What’s covered in an MOT and Service

Often I’m asked by friends and family about an issue with their car usually followed by the phrase “Why wasn't this picked up in the MOT or Service?”

So let me help clear up the confusion of what is actually being done during your annual MOT and your service.

The MOT

The MOT is a mandatory annual test on all vehicles over 3 years old concerned with safety, road-worthiness, and exhaust emissions.

An MOT can only be carried out by a qualified tester at a certified garage.

The test checks the following:

  • Brakes, wheels, and tires
  • Steering and suspension
  • Lights and reflectors
  • Seat belts, ABS, and airbag warning lights
  • Windscreen, wipers, and visibility
  • Exhaust and emissions
  • Body structure, mirrors, and registration plate
  • Speedometer and horn

If the car is low on oil or coolant it can pass an MOT. The tester may issue an advisory if he spots it, but their levels are not part of the test.

If the car has an engine fault that does not affect the emissions or the ability to drive safely, it can also pass an MOT. For example, cars with head gasket leaks or knocking crankshaft bearings can pass MOTs.

The condition of service parts such as air and oil filters or drive and timing belts are not checked in the MOT.

I can’t stress this enough: A fresh MOT is no guarantee of a year's trouble-free motoring!

Incidentally, if you're wondering what MOT stands for, its name is an acronym for Ministry of Transport, the grandfather of the Department for Transport.

The Service

Your vehicle servicing is not mandatory, although highly recommended.

Unlike the MOT which is standardised, what happens during a service can vary widely between vehicles and garages.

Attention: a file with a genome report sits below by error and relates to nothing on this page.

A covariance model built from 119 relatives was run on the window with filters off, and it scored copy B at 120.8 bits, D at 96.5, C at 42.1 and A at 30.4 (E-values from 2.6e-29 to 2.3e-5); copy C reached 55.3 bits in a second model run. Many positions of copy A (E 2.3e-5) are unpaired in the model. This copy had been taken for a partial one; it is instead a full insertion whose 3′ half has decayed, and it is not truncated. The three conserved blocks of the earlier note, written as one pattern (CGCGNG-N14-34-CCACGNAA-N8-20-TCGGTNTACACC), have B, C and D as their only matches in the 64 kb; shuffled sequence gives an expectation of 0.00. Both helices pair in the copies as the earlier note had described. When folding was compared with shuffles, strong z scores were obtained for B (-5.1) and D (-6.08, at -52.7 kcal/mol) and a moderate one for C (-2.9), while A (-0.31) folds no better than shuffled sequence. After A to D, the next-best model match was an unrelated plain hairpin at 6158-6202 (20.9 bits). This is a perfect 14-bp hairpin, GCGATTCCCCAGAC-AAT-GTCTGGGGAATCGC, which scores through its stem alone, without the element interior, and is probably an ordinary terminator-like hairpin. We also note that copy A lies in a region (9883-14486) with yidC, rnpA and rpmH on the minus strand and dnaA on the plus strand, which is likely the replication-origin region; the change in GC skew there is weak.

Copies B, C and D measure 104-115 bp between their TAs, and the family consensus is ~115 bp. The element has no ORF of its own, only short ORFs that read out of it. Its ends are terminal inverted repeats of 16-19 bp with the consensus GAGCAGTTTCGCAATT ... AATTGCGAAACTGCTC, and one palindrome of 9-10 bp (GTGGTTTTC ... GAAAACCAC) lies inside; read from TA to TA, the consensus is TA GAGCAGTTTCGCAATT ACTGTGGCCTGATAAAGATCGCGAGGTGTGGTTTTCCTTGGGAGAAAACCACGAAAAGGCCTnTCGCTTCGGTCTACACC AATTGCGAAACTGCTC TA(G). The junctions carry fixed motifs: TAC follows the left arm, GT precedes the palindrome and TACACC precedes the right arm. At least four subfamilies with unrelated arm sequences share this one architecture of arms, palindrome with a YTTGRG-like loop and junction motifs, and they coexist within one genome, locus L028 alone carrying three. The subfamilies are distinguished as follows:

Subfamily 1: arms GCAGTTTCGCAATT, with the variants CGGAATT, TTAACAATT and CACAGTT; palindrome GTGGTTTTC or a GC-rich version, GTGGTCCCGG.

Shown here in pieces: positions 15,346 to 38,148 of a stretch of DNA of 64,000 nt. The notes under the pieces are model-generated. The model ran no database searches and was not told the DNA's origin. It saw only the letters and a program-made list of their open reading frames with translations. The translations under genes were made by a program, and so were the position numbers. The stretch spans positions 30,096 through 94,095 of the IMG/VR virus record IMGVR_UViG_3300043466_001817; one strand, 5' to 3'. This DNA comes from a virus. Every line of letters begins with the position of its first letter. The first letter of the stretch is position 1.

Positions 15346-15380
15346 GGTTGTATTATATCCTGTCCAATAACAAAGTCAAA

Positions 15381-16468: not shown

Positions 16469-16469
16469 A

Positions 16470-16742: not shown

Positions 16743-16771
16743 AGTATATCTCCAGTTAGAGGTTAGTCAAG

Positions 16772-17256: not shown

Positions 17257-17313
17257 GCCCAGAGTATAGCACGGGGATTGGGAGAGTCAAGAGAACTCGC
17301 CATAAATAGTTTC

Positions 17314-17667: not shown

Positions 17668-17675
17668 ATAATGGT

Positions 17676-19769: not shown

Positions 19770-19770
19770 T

A basic service can be carried out by almost anyone, although some modern cars may require a specialised tool to reset servicing lights.

The minimum a service usually includes is:

  • Changing the oil
  • Changing the oil filter
  • Changing the air filter
  • Changing the fuel filter

Depending on mileage, it can also include:

  • Changing the spark plugs
  • Changing the drive belts
  • Changing the timing belt
  • Changing the brake fluid

Garages may also just inspect components and advise on their replacement, if required, as part of their service. This includes but is not limited to:

  • Checking the battery
  • Checking the brake fluid
  • Checking the brake pads and discs
  • Checking automatic transmission fluid
  • Checking the tires
  • Checking coolant levels
  • Checking lights

It's important to know what has been serviced on a used car prior to purchase. If the car is due a timing belt change, you could incur a significant cost and this should be reflected in the price.

Equally not knowing what has been previously replaced can incur significant costs on unnecessarily changing parts before their time.

Even with modern low maintenance cars, it’s important that you consult your handbook with regards to service intervals and their recommended checks. Every driver should be able to check their coolant and oil levels.

So with that in mind, keep a record of your servicing, know what you're paying for and get any suspicious noises checked out as soon as possible!



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